So What Exactly Are Pinoys Proud Of?

After writing my previous article about Pinoy gamers, I have to ask the question what does “Pinoy Pride” even amount to? What exactly are we proud of? And even if there are, is that pride actually ours? Indeed, Fallen Angel in one of her older articles explains why she isn’t proud of being a Filipino and good ol’ Chino Fernandez in another of his works  tells us that we should learn to lower our pride as it’s proven to be more than detrimental to us than beneficial. Sure, I suppose every country has a sense of pride but I must ask, is the sense of pride that Pinoys have something solid and noteworthy or is it just plain arrogance?

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I mean heck, the Japanese have a sense of pride and this is seen in how they take honor very seriously and, when their shame is too great, sometimes even take their own lives. The Germans have a sense of pride and this is seen in how efficient they make themselves, their actions and their engineering projects such as the Autobahn which is considered a miracle of engineering. The pride of the British can be seen in their “stiff upper-lip” attitude and their willingness to take on challenges that are otherwise difficult or unsavory.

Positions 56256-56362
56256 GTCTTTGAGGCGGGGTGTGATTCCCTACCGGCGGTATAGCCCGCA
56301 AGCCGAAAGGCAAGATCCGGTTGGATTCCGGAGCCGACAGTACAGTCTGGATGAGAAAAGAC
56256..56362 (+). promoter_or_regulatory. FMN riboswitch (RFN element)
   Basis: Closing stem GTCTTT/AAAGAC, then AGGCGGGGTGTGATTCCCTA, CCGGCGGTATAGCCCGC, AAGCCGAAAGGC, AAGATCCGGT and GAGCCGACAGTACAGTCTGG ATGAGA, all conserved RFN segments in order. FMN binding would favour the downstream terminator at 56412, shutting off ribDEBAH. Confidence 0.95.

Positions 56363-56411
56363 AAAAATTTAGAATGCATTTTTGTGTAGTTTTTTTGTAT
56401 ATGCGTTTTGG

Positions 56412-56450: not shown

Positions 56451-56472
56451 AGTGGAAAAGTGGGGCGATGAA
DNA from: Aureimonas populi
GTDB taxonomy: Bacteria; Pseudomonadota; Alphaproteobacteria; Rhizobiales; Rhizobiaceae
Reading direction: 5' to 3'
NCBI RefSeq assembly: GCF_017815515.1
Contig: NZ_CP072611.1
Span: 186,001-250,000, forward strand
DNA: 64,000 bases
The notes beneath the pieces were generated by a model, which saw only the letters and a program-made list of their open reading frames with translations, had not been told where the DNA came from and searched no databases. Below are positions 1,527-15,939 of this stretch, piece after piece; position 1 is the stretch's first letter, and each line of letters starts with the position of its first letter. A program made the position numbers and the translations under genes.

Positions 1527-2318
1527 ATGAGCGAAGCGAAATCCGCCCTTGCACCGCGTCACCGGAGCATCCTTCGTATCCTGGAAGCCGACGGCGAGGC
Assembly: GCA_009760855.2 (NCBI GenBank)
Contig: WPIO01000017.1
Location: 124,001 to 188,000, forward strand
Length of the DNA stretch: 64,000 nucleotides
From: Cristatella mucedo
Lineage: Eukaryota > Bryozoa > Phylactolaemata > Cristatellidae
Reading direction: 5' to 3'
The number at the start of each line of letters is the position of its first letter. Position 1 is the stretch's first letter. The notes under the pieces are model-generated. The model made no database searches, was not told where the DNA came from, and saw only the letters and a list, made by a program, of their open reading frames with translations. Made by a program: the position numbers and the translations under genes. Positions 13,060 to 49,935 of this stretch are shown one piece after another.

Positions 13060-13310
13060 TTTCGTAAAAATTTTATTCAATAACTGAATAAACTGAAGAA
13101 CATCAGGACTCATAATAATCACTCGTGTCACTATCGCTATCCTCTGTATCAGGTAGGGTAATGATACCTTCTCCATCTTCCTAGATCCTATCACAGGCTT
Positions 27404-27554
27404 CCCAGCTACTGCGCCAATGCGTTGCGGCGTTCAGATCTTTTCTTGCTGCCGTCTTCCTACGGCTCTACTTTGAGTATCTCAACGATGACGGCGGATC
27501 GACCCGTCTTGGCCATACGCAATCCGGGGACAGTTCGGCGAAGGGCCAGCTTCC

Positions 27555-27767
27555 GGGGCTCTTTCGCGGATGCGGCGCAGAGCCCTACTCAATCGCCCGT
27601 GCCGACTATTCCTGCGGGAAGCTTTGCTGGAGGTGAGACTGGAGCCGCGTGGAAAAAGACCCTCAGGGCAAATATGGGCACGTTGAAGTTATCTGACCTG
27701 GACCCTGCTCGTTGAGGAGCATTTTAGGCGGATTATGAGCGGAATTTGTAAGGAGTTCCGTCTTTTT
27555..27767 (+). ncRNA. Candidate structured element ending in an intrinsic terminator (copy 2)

So just what are Pinoys so proud of? What does “Pinoy Pride” entail? Well, the problem here occurs when the pride we look for is external rather than internal. True pride, pride that is positive and beneficial should be sought within every individual rather than something we should look for beyond. For instance, from what is mentioned above, the Japanese sense of pride comes from a sense of responsibility, the German sense of pride comes from a dedication to their art and crafts while the British sense of pride comes from their dedication to duty and seeking adventure. However, one must ask where does “Pinoy Pride” come from?

Well, that’s what I’m going to discuss and why I think we have it all wrong…

We Take Pride In Successful Foreigners With Alleged Filipino Heritage

Okay, please put aside Lea Salonga, Manny Pacquiao and Pia Wurtzbach. Those three are more or less the exception to the rule after all. Besides, the last of the three didn’t even grow up in the Philippines to start with.